I do not know what is going on, but the median list price for houses increased 19% to $357,250 this month. Xome has our house valued at $336,196 and Zillow has hour house valued at $312,286. I believe these amounts are grossly overstated, so we will keep our home value at $305,000 which is what I believe we could sell the house for with minimal updating

Cars and Boat

The local home values went up, but our car and boat values dropped by 2.6%


Credit Cards

With the decision to pay off the credit cards, our balance dropped nearly 75% from the previous month to just $1,683.96. This includes our Chase Freedom Unlimited card that has a balance of $1,200 at 0%. This was the card we obtained to cover the cost to seal and insulate our house before winter. Our monthly payment is $300, so it will be paid off in April.

Now that the credit cards are paid, we plan to pay all outstanding balances in full each Friday. The biggest issue with using credit cards is spending more money than you earn. When we pay our credit cards off each Friday, we ensure we do not spend more money than we earn. If we do not have the money to pay off the credit card, we stop spending until we have the money. We also use the Mint Budget Tracker & Planner to keep within our monthly budget.

Car Loan

We obtained our car loan with 0% interest. Our hefty car payment each month is $578.38, but we paid extra to make the payments an even $600 per month. This has two positive benefits. The first is that it is extremely easy to see how many more car payments we have. We owe $14,400 which calculates to 14400/600 = 24 more monthly payments to pay off the car. This creates a second benefit. Our next payment is due in April for $497.26. We will continue to have the automatic payment each month, but it is fun to see that we are so far ahead in our payments by paying just $21.62 extra each month.

HELOC (Home Equity Line of Credit)

We managed to pay our first $2,000 payment on our loan last month. Money was tight near the end of the month, but we did it. We owe $22,000 more and plan to have it paid off in 2019.


We are now under 10 years to pay off our loan or only 119 more payments. Sometimes I think about how long this is, but then I think about how if we had not refinanced 5 years ago, we could be in for 276 more payments or 23 more years. We really would not like to have a mortgage during retirement and paying off the house faster helps us to that end.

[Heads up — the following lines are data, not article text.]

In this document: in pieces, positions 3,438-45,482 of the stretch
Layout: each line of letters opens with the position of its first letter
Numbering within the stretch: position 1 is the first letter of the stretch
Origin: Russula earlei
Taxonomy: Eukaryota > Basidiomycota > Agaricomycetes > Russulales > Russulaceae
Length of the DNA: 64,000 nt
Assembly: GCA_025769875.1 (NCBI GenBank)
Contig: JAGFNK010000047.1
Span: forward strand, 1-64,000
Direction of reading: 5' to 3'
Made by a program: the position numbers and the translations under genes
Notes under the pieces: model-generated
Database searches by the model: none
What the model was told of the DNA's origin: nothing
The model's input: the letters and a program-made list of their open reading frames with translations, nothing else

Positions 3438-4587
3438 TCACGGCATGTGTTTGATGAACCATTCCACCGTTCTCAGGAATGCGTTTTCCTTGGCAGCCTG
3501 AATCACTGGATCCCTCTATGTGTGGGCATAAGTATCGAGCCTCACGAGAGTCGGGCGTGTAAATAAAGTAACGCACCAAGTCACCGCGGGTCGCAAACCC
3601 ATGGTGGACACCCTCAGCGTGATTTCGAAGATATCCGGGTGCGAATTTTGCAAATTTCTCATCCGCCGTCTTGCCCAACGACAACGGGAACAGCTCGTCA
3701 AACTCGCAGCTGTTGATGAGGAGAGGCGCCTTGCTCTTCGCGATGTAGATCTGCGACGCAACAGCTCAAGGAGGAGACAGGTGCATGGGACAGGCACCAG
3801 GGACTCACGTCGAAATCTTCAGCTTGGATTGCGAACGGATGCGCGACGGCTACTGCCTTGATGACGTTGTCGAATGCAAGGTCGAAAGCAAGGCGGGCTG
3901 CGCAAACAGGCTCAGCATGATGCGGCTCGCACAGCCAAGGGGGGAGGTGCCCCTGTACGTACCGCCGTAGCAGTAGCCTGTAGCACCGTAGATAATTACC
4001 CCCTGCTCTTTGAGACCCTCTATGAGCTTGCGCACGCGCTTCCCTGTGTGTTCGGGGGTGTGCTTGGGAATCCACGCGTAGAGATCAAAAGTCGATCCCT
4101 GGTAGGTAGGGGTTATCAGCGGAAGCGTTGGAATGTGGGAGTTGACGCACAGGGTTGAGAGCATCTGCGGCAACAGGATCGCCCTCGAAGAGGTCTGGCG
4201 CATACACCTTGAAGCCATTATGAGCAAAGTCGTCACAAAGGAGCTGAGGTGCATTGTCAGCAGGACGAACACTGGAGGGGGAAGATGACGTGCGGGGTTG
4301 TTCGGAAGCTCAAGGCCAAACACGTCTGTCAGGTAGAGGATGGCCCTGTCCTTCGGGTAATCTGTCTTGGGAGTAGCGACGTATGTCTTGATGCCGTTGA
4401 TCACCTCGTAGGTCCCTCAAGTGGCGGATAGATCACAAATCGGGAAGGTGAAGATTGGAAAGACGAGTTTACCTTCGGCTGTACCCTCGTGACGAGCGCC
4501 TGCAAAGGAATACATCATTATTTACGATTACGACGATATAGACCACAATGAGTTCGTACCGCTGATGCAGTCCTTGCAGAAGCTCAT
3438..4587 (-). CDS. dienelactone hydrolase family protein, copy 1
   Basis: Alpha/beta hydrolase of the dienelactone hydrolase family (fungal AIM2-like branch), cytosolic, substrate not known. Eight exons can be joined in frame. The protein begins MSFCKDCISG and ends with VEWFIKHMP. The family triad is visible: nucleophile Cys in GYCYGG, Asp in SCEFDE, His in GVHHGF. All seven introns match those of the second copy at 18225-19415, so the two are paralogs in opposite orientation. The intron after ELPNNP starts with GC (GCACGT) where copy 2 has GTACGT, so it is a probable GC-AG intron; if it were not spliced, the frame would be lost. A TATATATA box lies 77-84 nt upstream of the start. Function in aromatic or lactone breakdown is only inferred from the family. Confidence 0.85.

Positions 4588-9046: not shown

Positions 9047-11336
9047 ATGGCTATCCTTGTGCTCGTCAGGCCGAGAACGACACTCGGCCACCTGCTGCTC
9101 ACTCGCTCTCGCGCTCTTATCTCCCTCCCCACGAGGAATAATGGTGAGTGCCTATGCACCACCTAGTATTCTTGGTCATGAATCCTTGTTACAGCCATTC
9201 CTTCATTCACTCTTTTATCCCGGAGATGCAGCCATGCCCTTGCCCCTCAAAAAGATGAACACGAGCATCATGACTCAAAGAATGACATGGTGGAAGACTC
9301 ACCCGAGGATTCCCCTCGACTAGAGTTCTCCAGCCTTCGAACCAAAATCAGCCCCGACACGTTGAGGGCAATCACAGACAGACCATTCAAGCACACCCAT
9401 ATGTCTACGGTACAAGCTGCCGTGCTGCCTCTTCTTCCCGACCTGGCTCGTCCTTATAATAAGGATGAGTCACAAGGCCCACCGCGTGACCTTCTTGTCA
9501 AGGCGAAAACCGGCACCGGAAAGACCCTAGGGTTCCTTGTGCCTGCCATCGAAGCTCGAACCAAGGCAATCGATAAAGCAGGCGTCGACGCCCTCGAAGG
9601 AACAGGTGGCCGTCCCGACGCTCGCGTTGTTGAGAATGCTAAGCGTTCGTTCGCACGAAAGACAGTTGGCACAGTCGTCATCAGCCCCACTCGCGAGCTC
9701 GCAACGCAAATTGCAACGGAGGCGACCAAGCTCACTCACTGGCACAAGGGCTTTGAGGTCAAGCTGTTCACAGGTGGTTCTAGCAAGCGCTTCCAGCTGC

Student Loans

I have something positive to share about Dr. SoS’s outstanding $209,087.27 in student loans. I created a simple debt snowball spreadsheet the other day. Once used to paying $2,000 per month on the HELOC, we could then snowball that amount into our monthly student loan payment.

We pay $754.75 per month on Dr. SoS’s student loan. Unfortunately, this pays only $217.17 on the principal. Adding the $2,000 to that payment would begin paying off over $2,200 per month toward principal. Once we pay off my car at the end of December 2020, we could then snowball that amount into the student loan bringing the amount paid toward principal to $2,800 per month. I calculated that by doing this we could have her student loan paid off by October 2025, which is only 6 years 9 months from now.

There is something even more amazing about this snowball plan. If we then snowball that payment into our house payment, we could pay off the house by November 2026, which is two years earlier than the current payment schedule. Another consideration is that all these payments are just paying what we are currently paying toward these debts. This does not include any additional payments we may be able to make from tax refunds, bonuses, and increases in salary.


As of the first day of January 2019, we have a net worth of $543,337.21 up 0.5% from our net worth of
$540,576.29 last month and up 40.41% from our net worth from the first of January 2018 of $401,144.03. Our current net worth puts us in the top 30% at 217/717 bloggers on the Rockstar Finance Directory Net Worth Tracker.

We compile this information each month to keep us accountable and to hopefully inspire others to spend less than they make, save more, and make wise investment choices. If you have any comments or questions, please leave a comment or contact us directly.

Take care,

Mr. SoS